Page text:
Alternatively, the absence of UNC-2 may cause the recruitment of other calcium channels to, or close to, the presynaptic terminals. In mammals, P/Q-type CaV2.1 is solely responsible for neurotransmitter release at presynaptic motoneuron terminals. In P/Q-type CaV2.1-knockout mice, N-type CaV2.2 and R-type CaV2.3 calcium channels are recruited to the axon terminal regions and replace P/Q-type CaV2.1 function, but these two channels exhibit different localization patterns . R-type CaV2.3 localization closely resembles that of P/Q-type CaV2.1, whereas N-type CaV2.2 localizes away from neurotransmitter release sites and yet contributes to synaptic transmission. Likewise, C. elegans appears to have an analogous compensatory mechanism in the absence of UNC-2, the sole CaV2 channel. unc-2 null mutants, which would be expected to lack synaptic transmission, are severely uncoordinated, but are not completely paralyzed. Furthermore, evoked synaptic currents from the neuromuscular junctions of unc-2 null mutants are reduced by approximately 60%, but are not eliminated . Hence, it appears that the lack of UNC-2 would cause the recruitment of other calcium channels to, and/or close to, the presynaptic terminals. As in mammals, however, some of the newly recruited calcium channels may not localize exactly to active zones, where UNC-2 normally localizes . Such deviated calcium channel localization in the absence of CaV2 may lead to a partial re-organization of calcium-responsive cytoskeletal proteins that interact with CTN-1. One such potential cytoskeletal protein is F-actin. The structure of F-actin is dynamically regulated by calcium ions, and pharmacological alteration of F-actin structure at presynaptic terminals promotes the efficiency of neurotransmitter release [37,38]. Although F-actin is not known to bind CTN-1, it binds α-catenin and vinculin, two α-catulin homologues . The localization of CTN-1 to perisynaptic sites in addition to the presynaptic terminals is likely to provide additional SLO-1 docking sites.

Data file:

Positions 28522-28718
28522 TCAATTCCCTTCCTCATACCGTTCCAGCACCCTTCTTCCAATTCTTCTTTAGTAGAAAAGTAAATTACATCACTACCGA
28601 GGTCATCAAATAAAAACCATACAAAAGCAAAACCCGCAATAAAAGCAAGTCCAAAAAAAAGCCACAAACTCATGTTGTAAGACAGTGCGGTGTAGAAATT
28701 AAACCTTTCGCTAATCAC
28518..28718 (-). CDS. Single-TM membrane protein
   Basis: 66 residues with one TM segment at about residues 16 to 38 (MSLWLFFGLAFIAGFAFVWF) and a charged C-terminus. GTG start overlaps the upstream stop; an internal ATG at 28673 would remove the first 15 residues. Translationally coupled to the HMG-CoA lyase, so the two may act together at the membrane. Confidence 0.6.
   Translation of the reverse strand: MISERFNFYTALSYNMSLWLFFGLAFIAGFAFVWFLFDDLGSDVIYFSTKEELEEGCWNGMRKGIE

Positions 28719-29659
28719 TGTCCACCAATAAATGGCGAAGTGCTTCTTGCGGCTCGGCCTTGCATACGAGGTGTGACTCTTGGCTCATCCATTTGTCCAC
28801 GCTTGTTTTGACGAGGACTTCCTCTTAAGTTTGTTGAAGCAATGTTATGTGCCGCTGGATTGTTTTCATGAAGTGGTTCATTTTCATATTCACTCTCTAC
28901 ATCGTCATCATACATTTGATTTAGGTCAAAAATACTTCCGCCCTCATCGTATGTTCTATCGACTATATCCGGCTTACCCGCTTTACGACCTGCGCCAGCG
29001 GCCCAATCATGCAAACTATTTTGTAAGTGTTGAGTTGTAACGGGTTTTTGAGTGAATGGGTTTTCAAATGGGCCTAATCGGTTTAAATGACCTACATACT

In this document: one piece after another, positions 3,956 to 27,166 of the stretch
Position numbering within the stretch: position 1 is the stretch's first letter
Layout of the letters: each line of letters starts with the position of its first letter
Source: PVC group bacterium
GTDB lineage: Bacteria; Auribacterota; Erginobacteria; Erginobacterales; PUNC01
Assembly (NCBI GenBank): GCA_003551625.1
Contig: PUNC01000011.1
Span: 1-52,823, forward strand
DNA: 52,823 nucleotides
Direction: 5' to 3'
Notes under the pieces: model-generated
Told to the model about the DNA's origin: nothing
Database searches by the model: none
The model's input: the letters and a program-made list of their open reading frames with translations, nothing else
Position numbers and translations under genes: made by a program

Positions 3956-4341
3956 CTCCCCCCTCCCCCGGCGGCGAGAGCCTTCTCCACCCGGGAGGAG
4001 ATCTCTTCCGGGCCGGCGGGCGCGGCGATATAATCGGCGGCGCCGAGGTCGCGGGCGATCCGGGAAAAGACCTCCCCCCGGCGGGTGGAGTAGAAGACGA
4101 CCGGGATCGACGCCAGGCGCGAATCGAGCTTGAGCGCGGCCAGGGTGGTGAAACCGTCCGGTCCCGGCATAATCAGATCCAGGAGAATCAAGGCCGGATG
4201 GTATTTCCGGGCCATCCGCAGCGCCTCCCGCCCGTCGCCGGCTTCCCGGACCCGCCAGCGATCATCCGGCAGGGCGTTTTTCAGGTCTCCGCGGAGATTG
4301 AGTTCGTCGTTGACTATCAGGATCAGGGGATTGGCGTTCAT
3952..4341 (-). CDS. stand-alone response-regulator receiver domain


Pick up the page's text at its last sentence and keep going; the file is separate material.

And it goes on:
Hierarchical organization of SLO-1/BK, CTN-1/α-catulin and DYB-1/dystrobrevin
One intriguing feature of presynaptic organization is that many presynaptic components interact simultaneously with several other components . For instance, the RIM (Rab3-interacting molecules)/UNC-10 protein interacts with MUNC-13, RIM-BP, RAB-3, SYD-2/liprin-α and calcium channels. Intriguingly, SLO-1 is also localized to presynaptic terminals, but its localization is controlled by the hierarchical organization of CTN-1 and DYB-1. SLO-1 is organized as a macromolecular complex and localized by CTN-1, whose localization depends in part on DYB-1. Our data show that whereas the intensity of SLO-1::GFP puncta in dyb-1 mutants is similar to that of wild-type animals, the density of the puncta is decreased. Thus, we postulate that unlike CTN-1 DYB-1 is not necessary for the formation of macromolecular SLO-1 puncta, rather it stabilizes or maintains the SLO-1 and CTN-1 complex at the presynaptic terminals. Intriguingly, however, DYB-1 is not sufficient for tethering the SLO-1/CTN-1 complex to presynaptic terminals. Supporting this idea, we found that whereas the punctal densities of SLO-1 and CTN-1 along the presynaptic region are increased in unc-2 mutants, that of DYB-1 remains same in unc-2 and wild-type animals (Figure 7B). Furthermore, the presynaptic localization of CTN-1 is not completely abolished in dyb-1 mutants (Figure 3A), suggesting that an additional unknown protein may also interact with CTN-1 and contribute to CTN-1 localization.